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How to Cook Beans

Beans are one of the staples of my diet. I just find that when I eat a small amount (about 1/2 cup) every day, everything goes better in my body. They provide fiber for digestion, balance blood sugar, provide protein, and are healthy in many other ways.

I cook a pot of beans every week. I rotate types so I don't get bored: garbanzo beans, black beans, kidney beans, canellini beans, adzuki beans…each one is delicious in it's own way. I'm learning how to prepare each one in ways that are traditional and creative.

I recommend that you NOT buy canned beans, with the exception of Eden Foods brand, which uses cans with BPA-free linings. You don't want to get a dose of BPA with your beans, which disrupts your endocrine system.

Preparing your own beans at home is simple and rewarding, and they taste much better than canned beans. Though it takes time, you can do it in three easy steps.

1. Soak your beans overnight. Just put them to soak after dinner or before you go to bed. Six to twelve hours is fine.

I use 2 cups dry beans. That makes enough for one person to eat about 1/2 cup cooked beans every day for a week. But you can use any amount of beans you want.

Soaking your beans before cooking greatly improves digestibility.

Be sure to use pure, filtered water for soaking, so the beans do not absorb water pollutants.

Put the beans in a large bowl and cover them with several inches of water. After you do this a few times, you will begin to understand how much water is needed. I have, in the past, not used enough water, and the water was completely absorbed in the morning. Use plenty of water.

This is what the beans look like in the morning when you wake up. They are plump and about twice the size.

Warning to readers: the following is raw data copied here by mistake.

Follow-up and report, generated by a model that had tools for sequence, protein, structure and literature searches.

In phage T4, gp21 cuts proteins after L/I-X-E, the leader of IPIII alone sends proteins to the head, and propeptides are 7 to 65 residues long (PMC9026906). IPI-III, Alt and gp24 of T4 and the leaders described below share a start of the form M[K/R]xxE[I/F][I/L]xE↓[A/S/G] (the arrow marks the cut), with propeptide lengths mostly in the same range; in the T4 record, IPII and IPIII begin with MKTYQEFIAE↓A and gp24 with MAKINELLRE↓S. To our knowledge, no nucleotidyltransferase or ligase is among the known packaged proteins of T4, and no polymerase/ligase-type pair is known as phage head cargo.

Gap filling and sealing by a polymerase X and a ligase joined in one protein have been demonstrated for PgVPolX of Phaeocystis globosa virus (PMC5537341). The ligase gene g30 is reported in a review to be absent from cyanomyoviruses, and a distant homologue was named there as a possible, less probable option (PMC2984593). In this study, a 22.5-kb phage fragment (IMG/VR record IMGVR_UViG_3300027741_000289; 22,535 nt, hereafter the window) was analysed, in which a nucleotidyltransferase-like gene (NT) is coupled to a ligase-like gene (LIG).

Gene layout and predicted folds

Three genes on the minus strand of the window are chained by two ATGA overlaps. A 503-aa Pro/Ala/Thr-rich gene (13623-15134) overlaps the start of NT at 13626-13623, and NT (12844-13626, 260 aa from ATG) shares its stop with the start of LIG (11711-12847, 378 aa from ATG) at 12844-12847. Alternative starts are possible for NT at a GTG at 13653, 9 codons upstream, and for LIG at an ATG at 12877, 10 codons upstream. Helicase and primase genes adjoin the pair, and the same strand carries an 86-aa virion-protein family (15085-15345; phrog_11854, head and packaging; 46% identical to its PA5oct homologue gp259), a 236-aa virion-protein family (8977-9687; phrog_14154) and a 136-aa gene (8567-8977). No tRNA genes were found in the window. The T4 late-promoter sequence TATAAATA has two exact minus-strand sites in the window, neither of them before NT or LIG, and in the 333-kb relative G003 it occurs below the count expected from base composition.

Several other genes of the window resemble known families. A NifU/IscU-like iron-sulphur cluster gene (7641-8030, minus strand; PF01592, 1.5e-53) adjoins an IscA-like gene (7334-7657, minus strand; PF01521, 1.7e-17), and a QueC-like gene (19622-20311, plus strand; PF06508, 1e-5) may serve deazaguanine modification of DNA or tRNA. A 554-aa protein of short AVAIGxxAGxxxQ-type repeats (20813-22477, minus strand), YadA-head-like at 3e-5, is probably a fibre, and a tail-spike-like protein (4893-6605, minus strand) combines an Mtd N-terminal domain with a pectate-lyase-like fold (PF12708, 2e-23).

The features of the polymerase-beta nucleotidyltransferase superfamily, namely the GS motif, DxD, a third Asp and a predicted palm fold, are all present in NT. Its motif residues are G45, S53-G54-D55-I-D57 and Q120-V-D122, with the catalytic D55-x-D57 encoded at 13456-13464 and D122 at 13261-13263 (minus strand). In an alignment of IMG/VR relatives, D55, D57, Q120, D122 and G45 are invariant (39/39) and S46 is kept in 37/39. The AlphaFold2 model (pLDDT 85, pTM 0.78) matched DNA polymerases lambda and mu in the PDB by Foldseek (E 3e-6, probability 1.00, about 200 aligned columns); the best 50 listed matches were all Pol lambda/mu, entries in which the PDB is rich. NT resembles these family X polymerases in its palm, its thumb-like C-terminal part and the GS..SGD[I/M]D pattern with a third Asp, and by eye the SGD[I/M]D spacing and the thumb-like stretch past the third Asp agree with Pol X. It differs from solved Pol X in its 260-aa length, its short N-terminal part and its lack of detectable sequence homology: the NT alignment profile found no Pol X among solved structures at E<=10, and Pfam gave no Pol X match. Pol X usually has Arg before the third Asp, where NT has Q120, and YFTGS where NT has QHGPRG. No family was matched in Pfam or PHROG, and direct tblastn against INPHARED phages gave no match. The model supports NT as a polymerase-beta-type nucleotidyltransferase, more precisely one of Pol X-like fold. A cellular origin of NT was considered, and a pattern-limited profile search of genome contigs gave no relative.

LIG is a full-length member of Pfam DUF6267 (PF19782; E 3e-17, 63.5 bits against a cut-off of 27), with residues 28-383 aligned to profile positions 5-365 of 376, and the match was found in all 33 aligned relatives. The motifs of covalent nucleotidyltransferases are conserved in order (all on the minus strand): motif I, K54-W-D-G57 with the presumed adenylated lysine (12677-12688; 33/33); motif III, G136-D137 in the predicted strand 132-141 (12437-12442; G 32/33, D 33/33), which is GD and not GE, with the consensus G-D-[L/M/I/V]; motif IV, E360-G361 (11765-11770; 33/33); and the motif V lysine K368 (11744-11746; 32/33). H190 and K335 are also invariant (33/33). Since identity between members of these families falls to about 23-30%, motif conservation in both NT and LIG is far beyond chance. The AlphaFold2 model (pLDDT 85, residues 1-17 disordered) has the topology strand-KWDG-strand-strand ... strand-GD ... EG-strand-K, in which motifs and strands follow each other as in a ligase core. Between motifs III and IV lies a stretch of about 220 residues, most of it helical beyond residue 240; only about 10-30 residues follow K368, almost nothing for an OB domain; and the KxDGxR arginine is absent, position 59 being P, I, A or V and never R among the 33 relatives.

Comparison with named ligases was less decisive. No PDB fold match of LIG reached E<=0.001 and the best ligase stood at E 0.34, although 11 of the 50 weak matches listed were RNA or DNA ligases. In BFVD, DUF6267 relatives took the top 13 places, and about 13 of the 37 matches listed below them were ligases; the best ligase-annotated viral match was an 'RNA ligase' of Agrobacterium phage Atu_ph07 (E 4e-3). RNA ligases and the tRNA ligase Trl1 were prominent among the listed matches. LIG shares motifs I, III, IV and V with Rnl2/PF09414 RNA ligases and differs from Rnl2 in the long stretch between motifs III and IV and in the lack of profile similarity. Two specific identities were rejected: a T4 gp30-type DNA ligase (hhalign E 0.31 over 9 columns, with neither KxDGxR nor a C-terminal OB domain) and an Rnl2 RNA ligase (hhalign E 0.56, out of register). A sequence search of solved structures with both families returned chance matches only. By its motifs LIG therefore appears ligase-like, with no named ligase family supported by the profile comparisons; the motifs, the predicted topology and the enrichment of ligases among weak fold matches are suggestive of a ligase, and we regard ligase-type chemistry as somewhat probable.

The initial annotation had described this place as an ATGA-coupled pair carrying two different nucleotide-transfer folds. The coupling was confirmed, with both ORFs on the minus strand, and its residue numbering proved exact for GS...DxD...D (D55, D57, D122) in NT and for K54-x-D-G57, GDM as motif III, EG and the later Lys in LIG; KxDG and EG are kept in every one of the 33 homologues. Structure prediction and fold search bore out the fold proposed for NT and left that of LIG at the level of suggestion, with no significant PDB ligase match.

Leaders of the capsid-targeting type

2. Rinse your beans thoroughly.

I just pour them from the bowl into a colander, then spray fresh water over them to rinse off all the soaking water. This removes the elements that cause gas.

These are my bean pots. Obviously I use them because they have that beautiful patina that develops on natural materials as they are used. These pots are made with natural hand-thrown unglazed terracotta clay. I tried cooking beans in pots made from various materials, and found that each material produced a different flavor in the beans. These pots gave the flavor that was most to my liking. They are from Miriam's Earthen Cookware.. The terracotta clay is composed of minerals such as calcium, magnesium potassium, and others that are essential to our bodies. The clay comes from deep underground and is tested to be free of heavy metals.
3. Put the beans in the pot and cover them with cold pure water. Put your finger in the pot, touching the beans with your fingertip. The water should come up to your knuckle.
Put the pot of beans into a cold oven and turn the temperature to 300 degrees F.
Then let them bake for about six hours. You can also let them bake overnight. A couple more hours is fine.
When the beans are done, they look like this.
Let them sit on top of the stove and cool for several hours until all the heat has dissipated.
Then remove the beans from the pot with a slotted spoon or spider and put them in a glass jar.
Store them in the refrigerator.
They last up to a week in my refrigerator.